Nigeria, others record 26% job cut in oil production

*Offshore oil rig.

*Offshore oil rig.

08 August 2016, Lagos – Data obtained from the United States, US, Energy Information Administration, EIA, has put the continued decline of employment in the oil and natural gas production across the world at 26 percent between 2014 and 2016.

The report, which captured between October 2014 and May 2016, stated that employment in oil and gas production reached a hight of 538,000 jobs in October 2014, but since then had declined by 26 percent, a loss of more than 142,000 jobs.

It will be recalled that in Nigeria, there had been alarming rate of job cuts in the petroleum sector over the downturn in crude oil price at the International market and the attacks on oil facilities in the Niger Delta region.

As a result, the operations and earnings of  oil companies dropped sharply, as recent report by the Nigeria National Petroleum Corporation, NNPC, puts the country’s daily crude production losses at 500,000 barrels per day, with production averaging 1.4 million barrels per day, mb/d as against the 1.9mb/d recorded earlier in July.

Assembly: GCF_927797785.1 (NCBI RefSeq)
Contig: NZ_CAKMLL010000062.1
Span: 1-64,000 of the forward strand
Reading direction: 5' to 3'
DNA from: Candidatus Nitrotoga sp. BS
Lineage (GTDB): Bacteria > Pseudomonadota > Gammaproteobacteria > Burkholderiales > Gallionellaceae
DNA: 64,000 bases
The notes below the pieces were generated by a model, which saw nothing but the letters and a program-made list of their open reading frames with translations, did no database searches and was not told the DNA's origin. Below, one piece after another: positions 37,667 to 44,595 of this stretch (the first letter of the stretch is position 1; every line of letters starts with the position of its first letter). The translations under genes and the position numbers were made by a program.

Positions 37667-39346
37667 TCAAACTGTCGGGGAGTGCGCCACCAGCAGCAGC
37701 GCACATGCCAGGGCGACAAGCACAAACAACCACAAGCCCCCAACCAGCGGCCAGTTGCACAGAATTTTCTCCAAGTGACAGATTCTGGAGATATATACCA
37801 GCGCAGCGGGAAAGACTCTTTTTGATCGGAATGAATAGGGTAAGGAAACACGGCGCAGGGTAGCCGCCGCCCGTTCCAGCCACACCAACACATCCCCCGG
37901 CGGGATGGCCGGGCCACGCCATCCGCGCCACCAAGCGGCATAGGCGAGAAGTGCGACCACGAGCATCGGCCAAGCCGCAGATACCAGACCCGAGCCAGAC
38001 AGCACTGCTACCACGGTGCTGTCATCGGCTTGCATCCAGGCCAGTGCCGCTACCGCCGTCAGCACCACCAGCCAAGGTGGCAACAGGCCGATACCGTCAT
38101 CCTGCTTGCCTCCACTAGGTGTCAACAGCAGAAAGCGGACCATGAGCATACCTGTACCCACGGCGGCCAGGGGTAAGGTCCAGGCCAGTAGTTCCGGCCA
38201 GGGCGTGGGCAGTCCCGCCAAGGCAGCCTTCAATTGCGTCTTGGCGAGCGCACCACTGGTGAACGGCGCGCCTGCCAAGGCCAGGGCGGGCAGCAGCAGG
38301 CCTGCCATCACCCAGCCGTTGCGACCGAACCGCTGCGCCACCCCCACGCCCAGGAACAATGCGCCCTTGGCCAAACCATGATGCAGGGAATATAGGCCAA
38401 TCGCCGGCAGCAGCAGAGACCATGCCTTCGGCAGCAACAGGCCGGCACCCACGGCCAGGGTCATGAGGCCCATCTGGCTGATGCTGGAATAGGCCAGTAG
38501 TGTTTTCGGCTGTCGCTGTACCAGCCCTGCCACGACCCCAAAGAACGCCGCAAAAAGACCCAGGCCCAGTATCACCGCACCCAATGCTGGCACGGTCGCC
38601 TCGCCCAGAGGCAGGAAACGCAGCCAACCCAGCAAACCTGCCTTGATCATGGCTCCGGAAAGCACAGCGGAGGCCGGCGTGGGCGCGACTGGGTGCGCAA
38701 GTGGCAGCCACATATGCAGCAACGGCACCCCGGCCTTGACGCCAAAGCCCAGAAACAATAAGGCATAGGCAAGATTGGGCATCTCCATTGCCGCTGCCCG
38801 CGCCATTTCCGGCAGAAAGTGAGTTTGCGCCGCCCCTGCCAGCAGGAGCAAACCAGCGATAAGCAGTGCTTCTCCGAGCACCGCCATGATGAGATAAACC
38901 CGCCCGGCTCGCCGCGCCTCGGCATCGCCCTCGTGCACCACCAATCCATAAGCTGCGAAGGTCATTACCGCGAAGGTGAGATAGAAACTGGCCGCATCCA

According to the EIA jobs data report, the total decrease in jobs is nearly three times the 51,000 jobs lost over a 13-month period during the 2008–09 recession.

The report hinted that not all production jobs that are directly related to drilling, saying “the majority of the jobs are actually for extraction or support activities, which include the operations of drilled wells, exploration, excavation, well surveying, casing work, and  construction. This also includes the maintenance of already producing wells.”

The report further explained that “the effects of the reduction in drilling and employment in the industry have been relatively modest, with production levels in May down by 6 percent and 1 percent respectively.

This is relative to their level in May 2015. “Compared to October 2014, the peak month for employment in the sector, May 2016 crude oil production was two percent lower, while natural gas production was flat.”

However, the report noted that “divergence between trends in rig counts and employment on the one hand and oil and the trends of natural gas production on the other are attributable to increases in production per new well in key regions, driven in part by advances in siting and drilling technology.

“For instance, new-well oil production per rig so far in 2016 has been more than twice its 2013 level in areas such as the Bakken, Eagle Ford, and Permian. Growing offshore crude oil production in the Gulf of Mexico has also helped to offset declines in Lower 48 onshore production,” the report added.

 

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